In fact, in most companies, most people's roles are spent in Business Essential and Compliance work. And sometimes that's to be expected because it is kind of where the bulk of the work sits.
However, understanding that it is Business Essential or Compliance work suggests you don't put your limited resources, time and dollars into perfecting these areas.
Focus on reducing the cost of doing Business Essential/Compliance work
Your focus should be on reducing the cost of doing Business Essential or compliance work and getting it done efficiently.
Now finally, we have the work that often absorbs a lot of time in companies and it's Wasteful work.
These are the things that we shouldn't be doing. But people do! It's the stuff that fills in time and we should be getting rid of it.
Wasteful work, sometimes called Non-value Adding work is an activity that does not produce a tangible benefit to the customer or the business.
Non Value-Adding work can come in many forms, but the most common is unnecessary paperwork.
This includes filling out forms that don't really serve any purpose or duplicating work that's already been done.
Or getting invoices signed off by supervisors when, in fact the team member could be doing it. Taking people's focus off the tasks that make or save money for the company.
Tasks with no clear purpose/value
Other forms of non-value adding work includes, tasks that have no clear purpose or value.
Such as attending meetings that don't produce any results, and I'm sure you've had plenty of those.
Rework's another great example of non-value adding.
Now, and I'm sure you're not going to have to dig too hard to find lots of non-value adding work happening in your company.
Play Above The Line
For now, though, that's an overview of the five types of work.
And so no matter the role you find yourself in, you want to dedicate some time of your week to playing above the line. Working on:
Difference between value-adding and non-value adding
Remember, a value adding activity is something that the customer cares about. A non-value adding one is one that they don't.
In the image you can see the different ways that hostages, charmers, etc, might tackle the activity of purchasing office supplies. The reality is this is a business essential activity in most organizations.
Therefore, the end customer really doesn't care too much about your office supplies. However, there are a couple of nuances.
As you can see, the hostage isn't thinking about how to value add to his or her customer employer. Whereas when we move up to the rockstar quadrant, this person would be doing everything in the other three quadrants and then maybe going the next step.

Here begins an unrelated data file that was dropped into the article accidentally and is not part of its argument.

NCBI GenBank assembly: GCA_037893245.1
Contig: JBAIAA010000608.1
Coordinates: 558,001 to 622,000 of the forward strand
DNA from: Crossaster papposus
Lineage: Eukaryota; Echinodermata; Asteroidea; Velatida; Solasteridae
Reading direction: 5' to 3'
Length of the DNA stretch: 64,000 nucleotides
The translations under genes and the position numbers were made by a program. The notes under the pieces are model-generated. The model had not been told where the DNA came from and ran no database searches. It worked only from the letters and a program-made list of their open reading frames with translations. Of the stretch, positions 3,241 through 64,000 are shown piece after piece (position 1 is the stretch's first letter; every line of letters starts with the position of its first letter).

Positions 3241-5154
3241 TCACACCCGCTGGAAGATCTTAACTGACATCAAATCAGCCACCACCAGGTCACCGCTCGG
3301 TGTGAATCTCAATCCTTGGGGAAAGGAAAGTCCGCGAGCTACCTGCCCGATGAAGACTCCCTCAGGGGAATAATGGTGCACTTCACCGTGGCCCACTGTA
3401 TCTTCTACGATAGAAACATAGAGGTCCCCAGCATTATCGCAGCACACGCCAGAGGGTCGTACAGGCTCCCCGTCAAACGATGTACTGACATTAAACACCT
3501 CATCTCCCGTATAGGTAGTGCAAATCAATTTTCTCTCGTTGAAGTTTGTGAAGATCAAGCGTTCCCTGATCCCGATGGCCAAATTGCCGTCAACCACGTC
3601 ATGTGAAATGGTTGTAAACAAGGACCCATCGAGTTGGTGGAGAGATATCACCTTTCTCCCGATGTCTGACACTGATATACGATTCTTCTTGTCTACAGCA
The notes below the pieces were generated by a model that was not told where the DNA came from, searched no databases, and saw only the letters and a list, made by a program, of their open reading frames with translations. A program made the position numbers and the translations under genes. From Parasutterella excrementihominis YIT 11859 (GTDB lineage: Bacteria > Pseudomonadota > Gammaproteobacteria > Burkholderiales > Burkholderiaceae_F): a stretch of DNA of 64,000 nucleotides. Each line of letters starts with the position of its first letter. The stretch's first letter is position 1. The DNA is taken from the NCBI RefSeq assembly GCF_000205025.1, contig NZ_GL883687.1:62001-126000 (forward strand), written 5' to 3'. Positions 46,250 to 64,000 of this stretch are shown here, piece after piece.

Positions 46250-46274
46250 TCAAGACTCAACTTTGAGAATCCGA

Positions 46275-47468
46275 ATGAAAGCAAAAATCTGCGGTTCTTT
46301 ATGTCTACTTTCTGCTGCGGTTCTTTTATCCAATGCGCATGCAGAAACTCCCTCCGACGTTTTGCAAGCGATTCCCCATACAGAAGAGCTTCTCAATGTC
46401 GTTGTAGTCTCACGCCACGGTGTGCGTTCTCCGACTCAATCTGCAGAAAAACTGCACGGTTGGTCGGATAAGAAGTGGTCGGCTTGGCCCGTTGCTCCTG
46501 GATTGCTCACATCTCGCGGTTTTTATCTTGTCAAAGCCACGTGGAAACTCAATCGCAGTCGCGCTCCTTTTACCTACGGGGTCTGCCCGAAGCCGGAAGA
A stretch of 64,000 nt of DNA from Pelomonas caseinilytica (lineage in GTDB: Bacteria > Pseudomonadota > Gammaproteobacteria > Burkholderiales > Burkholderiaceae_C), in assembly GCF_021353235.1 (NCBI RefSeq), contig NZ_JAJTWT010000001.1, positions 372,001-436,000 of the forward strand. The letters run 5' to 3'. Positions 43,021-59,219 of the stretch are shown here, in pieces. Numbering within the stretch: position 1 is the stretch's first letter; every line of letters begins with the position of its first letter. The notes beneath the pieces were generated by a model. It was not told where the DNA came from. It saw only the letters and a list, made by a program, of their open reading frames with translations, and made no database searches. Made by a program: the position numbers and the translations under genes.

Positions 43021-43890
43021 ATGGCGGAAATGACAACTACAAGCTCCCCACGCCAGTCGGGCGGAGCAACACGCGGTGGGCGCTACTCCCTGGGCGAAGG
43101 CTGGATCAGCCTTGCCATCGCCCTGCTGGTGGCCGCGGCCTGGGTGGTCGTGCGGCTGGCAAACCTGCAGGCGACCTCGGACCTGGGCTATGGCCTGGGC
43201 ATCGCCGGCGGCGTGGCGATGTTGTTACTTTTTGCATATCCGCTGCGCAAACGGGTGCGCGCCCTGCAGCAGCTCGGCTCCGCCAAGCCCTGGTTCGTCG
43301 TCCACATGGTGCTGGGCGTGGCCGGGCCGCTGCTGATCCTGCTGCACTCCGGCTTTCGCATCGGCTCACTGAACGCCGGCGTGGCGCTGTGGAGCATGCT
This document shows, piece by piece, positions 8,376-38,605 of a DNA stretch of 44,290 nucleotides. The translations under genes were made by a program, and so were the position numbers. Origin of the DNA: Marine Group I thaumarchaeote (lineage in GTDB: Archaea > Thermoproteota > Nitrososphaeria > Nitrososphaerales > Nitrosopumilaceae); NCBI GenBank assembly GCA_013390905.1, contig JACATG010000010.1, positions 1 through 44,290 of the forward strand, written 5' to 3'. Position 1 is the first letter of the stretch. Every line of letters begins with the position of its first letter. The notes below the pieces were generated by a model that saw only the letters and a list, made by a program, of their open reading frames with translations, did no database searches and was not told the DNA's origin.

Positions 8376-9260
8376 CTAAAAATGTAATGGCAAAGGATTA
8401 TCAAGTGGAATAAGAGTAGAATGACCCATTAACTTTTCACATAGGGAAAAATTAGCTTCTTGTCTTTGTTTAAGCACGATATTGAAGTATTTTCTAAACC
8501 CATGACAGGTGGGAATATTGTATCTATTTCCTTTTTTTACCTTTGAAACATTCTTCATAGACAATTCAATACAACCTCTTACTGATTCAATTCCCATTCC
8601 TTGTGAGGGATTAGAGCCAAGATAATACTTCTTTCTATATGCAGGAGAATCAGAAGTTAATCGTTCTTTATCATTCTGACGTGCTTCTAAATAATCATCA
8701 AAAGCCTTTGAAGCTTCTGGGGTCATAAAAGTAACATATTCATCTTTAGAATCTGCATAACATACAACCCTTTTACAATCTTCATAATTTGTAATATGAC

Business Essential In One Company Is Competitive Advantage in Another
Let's say that they're working at Patagonia, who has a competitive advantage around sustainability.
Can you see how the rockstar now makes what is really a business essential task, but aligns his or her thinking (deep work) so that even that business essential supports the organisation's competitive advantage?
Whereas if the Rockstar wasn't working at Patagonia, they might just stop at the first point in the Rockstar quadrant.
You Can't Do Everything
Because here's the thing, you can't do everything.
What are you going to say a Big Yes to, A Small Yes to and Say No to?
What you are learning here is you just have to be clear about what to say yes to and what to say no to.
Or another way of thinking it is, what are you going to say a small yes to?
And what are you going to say a big yes to?
You can't say no entirely to emails, but you can put systems and practices in place that sort of slow down their impact.
For now, your action is, if you don't already know it, discover what your company's competitive advantage is, and then in context of that knowledge, ask yourself, how can I contribute to that?
And do make sure that your company isn't the equivalent of Kmart sending people down a chain of focusing on stuff that doesn't deliver their competitive advantage. Superior customer care is not Kmart's competitive advantage, and you'd not be given any prizes for helping them to excel at that.
What is your personal competitive advantage?
Then from a personal perspective, ask yourself, what is my competitive advantage?
What am I great at doing and how can I build on that?
For example, I'm really great, (at least I've been told, and I think I am) at coaching and inspiring people to higher levels of performance. Not, not so good at crunching budgets and developing strategic plans. I can do it. But it's not my expertise.
So I'm much better off fine tuning what I'm great at and then using those skills to support whatever business I'm working in to help them deliver their competitive advantage. And making sure the areas that I'm not so good at get covered. So that I don't derail my own and any business I'm working in, I don't derail our success.
Now, in the next little bit, we are going to turn our attention to how this model applies to how you are using your time.
And we are going to really get you focused on helping to make sure that you are delivering what the company needs, but also what fulfills you.
For now it is time to Take Action and download your Reflection Resource
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Here's an article about Steve Jobs and how he focused Apple on deciding what NOT to do